This Film Documents A Day In The Life Of A Moroccan Biker Girl

Hassan Hajjaj’s documentary goes deep into the lives of the ladies that run the markets of Marrakesh

This Film Documents A Day In The Life Of A Moroccan Biker Girl Kesh Angels, 2010/1431, Edition of 7, Metallic Lambda Print on 3mm White Dibond   Hassan Hajjaj / Taymour Grahne Gallery / www.taymourgrahne.com

Moroccan-born, London-based artist, Hassan Hajjaj is best known for his “Kesh Angels” series, a collection of photos and collages centered around a fashion-forward motorcycle gang of women in Marrakesh. Hajjaj’s portraits, which started in Marrakesh in the ‘90s, have been instrumental in debunking Western notions of Muslim women as disempowered or alienated by modernity. As a gang of sartorially savvy entrepreneurs, the Kesh Angels counter those generalizations. His subjects wear traditional djellaba, head scarves and veils fashioned in modern fabrics and bold patterns. Their styling is a collaborative effort led by Hajjaj’s garment creations and finished with pieces from the women’s own collections.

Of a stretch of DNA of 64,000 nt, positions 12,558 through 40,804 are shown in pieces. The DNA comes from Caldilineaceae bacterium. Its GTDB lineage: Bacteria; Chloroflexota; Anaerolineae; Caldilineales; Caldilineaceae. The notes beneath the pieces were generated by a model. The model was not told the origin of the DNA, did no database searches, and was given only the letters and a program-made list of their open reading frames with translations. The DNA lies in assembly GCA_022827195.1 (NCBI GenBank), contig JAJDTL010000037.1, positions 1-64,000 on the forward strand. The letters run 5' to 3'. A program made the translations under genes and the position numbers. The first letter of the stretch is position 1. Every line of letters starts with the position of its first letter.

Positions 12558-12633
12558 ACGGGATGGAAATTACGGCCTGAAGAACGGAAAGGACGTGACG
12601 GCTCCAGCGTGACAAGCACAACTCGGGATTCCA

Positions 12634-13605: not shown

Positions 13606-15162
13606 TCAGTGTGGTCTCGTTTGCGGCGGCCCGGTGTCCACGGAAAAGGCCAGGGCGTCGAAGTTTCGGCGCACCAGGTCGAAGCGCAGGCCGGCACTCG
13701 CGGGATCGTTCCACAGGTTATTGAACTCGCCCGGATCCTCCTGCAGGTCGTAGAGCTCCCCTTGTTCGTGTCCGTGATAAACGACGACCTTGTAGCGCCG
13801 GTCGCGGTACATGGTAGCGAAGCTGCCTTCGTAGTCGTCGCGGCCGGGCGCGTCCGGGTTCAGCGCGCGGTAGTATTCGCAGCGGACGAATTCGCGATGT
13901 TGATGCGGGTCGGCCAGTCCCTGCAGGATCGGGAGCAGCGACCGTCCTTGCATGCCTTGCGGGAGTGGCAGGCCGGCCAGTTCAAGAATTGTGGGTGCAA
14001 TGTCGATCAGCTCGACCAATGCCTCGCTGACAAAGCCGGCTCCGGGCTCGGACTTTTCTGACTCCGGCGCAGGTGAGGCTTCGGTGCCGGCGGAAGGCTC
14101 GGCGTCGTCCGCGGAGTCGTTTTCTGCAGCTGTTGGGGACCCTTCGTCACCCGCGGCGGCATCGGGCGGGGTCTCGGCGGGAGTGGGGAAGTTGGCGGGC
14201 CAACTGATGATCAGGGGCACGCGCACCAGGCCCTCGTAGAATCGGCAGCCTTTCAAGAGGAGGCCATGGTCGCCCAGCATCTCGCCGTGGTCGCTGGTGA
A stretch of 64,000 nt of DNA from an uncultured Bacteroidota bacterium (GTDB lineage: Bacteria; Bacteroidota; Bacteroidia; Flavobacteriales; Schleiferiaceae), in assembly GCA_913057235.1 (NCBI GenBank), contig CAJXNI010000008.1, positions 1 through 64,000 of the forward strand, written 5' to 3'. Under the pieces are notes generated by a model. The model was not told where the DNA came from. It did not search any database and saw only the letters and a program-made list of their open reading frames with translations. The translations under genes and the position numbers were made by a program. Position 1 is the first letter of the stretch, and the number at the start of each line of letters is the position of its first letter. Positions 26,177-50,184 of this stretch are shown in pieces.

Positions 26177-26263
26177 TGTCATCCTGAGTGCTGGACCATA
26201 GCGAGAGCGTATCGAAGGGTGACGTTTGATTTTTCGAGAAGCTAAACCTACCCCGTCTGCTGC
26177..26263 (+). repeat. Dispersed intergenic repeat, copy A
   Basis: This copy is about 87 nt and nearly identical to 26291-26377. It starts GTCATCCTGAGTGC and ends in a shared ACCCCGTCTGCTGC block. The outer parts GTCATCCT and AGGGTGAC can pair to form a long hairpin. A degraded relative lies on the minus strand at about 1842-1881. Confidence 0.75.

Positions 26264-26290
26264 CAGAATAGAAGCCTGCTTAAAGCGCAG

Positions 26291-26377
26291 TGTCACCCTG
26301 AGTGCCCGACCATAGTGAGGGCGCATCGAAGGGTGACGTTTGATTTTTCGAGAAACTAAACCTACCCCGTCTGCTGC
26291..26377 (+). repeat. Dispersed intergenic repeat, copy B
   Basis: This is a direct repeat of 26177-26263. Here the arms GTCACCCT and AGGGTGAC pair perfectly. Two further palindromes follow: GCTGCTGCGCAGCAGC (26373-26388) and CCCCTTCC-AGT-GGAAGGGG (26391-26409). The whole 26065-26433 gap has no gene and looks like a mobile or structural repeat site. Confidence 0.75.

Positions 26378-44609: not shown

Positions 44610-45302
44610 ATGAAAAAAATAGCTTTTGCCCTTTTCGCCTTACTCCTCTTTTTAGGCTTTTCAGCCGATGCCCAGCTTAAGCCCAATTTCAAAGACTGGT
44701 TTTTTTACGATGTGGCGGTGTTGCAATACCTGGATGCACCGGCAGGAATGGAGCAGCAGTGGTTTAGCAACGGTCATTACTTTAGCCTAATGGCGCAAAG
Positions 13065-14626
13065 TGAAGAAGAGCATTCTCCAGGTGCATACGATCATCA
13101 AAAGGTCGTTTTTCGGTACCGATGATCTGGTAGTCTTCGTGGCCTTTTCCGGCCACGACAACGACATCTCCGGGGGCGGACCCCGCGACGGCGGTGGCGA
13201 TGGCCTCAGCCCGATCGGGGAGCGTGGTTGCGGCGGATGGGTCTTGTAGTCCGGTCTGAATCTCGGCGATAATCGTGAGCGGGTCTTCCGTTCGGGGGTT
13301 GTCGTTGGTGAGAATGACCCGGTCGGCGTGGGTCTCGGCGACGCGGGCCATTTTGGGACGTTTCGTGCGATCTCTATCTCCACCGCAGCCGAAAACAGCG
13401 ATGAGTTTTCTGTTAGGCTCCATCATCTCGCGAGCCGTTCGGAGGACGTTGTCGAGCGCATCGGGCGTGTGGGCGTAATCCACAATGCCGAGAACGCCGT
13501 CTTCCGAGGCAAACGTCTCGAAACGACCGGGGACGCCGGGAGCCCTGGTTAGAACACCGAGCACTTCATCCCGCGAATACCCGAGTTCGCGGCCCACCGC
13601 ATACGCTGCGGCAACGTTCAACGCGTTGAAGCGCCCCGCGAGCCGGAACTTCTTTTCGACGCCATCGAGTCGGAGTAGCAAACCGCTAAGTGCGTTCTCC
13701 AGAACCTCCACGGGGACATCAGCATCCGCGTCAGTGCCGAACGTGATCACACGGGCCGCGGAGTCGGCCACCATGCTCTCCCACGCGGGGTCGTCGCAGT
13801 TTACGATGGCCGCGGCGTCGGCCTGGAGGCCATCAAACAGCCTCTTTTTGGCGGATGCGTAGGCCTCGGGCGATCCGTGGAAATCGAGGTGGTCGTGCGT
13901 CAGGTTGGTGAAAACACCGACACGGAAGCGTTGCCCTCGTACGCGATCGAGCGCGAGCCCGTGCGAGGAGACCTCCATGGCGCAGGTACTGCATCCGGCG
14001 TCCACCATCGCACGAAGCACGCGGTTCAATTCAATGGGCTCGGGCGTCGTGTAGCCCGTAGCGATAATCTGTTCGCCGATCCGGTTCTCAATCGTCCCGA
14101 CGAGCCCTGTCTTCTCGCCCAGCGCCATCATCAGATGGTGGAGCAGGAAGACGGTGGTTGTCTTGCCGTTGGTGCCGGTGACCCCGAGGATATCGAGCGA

In his latest body of work, a documentary entitled “Karima: A Day in the Life of a Henna Girl,” Hajjaj delves even deeper, allowing the viewer to step inside the lives of the women that grace his stylistically saturated portraits. The focus of the seventy minute film is Karima, a thirty something -year old woman who spends her days in the bustling Jemaa Fnaa square in Marrakesh’s old Medina district designing henna art on tourists and locals alike.

This Film Documents A Day In The Life Of A Moroccan Biker Girl M., 2010/1431, Edition of 7, Metallic Lambda Print On 3mm White Dibond   Hassan Hajjaj / Taymour Grahne Gallery / www.taymourgrahne.com